William Timothy O’Brien was born on October 1, 1946, to an insurance salesman and an elementary school teacher in Austin, Minnesota. He was raised in Worthington, a small town in southern Minnesota that he would later describe as what one would find if one “look[ed] in a dictionary under the word boring.” As a child, the overweight and introspective O’Brien spent his time practicing magic tricks and making pilgrimages to the public library. His father’s New York Times accounts of fighting in Iwo Jima and Okinawa during World War II inspired O’Brien to consider a career in writing. When O’Brien arrived at Macalester College in St. Paul, Minnesota, he decided to focus his studies on political science. His college years, however, were spent trying to ignore the Vietnam War or railing against it—he attended peace vigils and war protests and aspired to join the State Department. He graduated summa cum laude and Phi Beta Kappa and had already been accepted to a Ph.D. program at Harvard University’s School of Government when he received his draft notice, two weeks after graduation.
Faced with the prospect of fighting in the war he so actively opposed, the twenty-two-year-old O’Brien felt pulled between his convictions, which could be kept intact by escaping across the border to Canada, and the expectations of those in his hometown who, he once said, “couldn’t spell the word ‘Hanoi’ if you spotted them three vowels.” Though torn, he entered the military for basic training at Fort Lewis, Washington, on August 14, 1968. When he arrived in Vietnam in February 1969, he served in the Fifth Battalion of the 46th Infantry, 198th Infantry Brigade, American Division until March 1970. O’Brien’s area of operations was in the Quang Ngai Province, where he later set The Things They Carried.
O’Brien’s service brought him to the South Vietnamese village of My Lai a year after the infamous massacre of 1968. He was eventually wounded and returned home with a Purple Heart, a Bronze Star for Valor, and a Combat Infantry Badge. He also had a storehouse of guilt and an endless supply of observations and anecdotes that would later comprise his memoir If I Die in a Combat Zone, Box Me Up and Ship Me Home. This work was published in 1973 as O’Brien was abandoning his graduate studies for a career as a national affairs reporter for the Washington Post. That reporting stint lasted a year. In 1975 he published Northern Lights, an account of two brothers in rural Minnesota. Going After Cacciato, which won the National Book Award in 1979 over John Irving’s The World According to Garp and John Cheever’s Stories, was the account of a platoon forced to chase one of its AWOL soliders. Winning the National Book Award solidified O’Brien’s reputation as a masterful writer concerned with the ambiguities of love and war. Following this success came The Nuclear Age, a novel about a draft-dodger obsessed with the idea of nuclear holocaust, published in 1985.
After The Nuclear Age’s home-front comedy, O’Brien returned his attention to the battlefields. He wrote a short story, “Speaking of Courage,” that was originally meant for inclusion in Going After Cacciato. In 1990, “Speaking of Courage” was one of twenty-two stories included in The Things They Carried, a sequence of lyrical and interrelated stories that has been heralded as one of the finest volumes of fiction about the Vietnam War. The work gained attention and wide acclaim not only for its subject matter but also for its honesty and specificity, its discussion of fact and fiction, and its commentary on memory and on the act of storytelling itself. Much of the material in the work has been drawn from O’Brien’s experiences; he felt so close to his stories that he dedicated the work to his characters—Jimmy Cross, Norman Bowker, Rat Kiley, Mitchell Sanders, Henry Dobbins, and Kiowa. The most striking elimination of the boundary between fact and fiction is the narrator and protagonist’s name, Tim O’Brien. The main character also has grown up in Worthington, Minnesota, and has attended Macalester College. Like the real O’Brien, the fictional O’Brien becomes a writer who records many of his Vietnam experiences in stories and novels. Nevertheless, several discrepancies exist between the two men. Unlike his protagonist, for example, the real O’Brien never killed a man while at war, and he doesn’t have any children.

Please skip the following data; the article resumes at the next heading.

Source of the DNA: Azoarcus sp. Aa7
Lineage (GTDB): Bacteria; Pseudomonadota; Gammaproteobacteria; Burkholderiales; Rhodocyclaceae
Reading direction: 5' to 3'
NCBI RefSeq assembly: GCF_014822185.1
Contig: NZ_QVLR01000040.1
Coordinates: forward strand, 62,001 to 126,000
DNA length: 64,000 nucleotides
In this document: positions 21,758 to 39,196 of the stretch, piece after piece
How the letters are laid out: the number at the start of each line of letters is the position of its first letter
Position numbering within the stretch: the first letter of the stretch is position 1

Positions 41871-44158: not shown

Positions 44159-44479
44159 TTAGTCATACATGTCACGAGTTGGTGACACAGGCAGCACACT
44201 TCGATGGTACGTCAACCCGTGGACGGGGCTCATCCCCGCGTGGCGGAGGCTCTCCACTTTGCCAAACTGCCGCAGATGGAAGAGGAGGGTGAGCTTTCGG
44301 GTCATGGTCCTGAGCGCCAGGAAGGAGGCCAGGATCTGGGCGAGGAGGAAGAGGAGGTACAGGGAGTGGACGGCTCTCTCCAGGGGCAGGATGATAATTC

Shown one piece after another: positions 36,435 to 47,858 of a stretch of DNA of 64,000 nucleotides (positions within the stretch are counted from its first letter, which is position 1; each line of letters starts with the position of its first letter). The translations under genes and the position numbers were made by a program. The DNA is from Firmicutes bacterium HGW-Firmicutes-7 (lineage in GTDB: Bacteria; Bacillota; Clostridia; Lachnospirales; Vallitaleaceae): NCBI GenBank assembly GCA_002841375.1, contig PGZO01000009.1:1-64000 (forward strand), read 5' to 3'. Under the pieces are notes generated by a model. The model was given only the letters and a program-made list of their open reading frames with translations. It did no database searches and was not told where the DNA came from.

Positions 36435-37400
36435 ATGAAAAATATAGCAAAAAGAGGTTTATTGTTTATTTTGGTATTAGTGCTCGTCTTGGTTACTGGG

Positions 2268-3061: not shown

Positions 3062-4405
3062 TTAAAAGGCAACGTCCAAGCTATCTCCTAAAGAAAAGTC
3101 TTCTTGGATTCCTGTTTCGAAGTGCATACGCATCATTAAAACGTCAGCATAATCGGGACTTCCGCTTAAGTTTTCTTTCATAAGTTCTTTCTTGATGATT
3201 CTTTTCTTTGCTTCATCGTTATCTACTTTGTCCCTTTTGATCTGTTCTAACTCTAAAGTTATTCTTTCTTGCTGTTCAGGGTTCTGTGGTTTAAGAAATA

The Things They Carried was a finalist for both the Pulitzer Prize and the National Book Critics Circle Award, and it earned O’Brien comparisons to several eminent fiction writers. Two to whom he is often connected are Stephen Crane and Kurt Vonnegut. Crane’s The Red Badge of Courage, published in 1895, follows a Union regiment during the Civil War and specifically concerns a recruit who, like the protagonist in The Things They Carried, struggles with his fear of cowardice and the “red sickness of battle.” Vonnegut’s 1969 novel Slaughterhouse-Five is about a World War II draftee who is taken as a prisoner-of-war during the Battle of the Bulge. Like Vonnegut, O’Brien inserts himself into his stories—in order to anchor his narratives to a larger world, but also because he is unable to escape the often terrifying memories of his war experience.
The secret O'Brien claimed to have kept may also have been depicted in that reoccurring emotional/fictional truth that we know oh so well from this story. Perhaps he even showed it in the first chapter, rather than telling it.
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What literary period was the things they carried written in?
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Azar kicked O'Brein in the head not Jorgensen.
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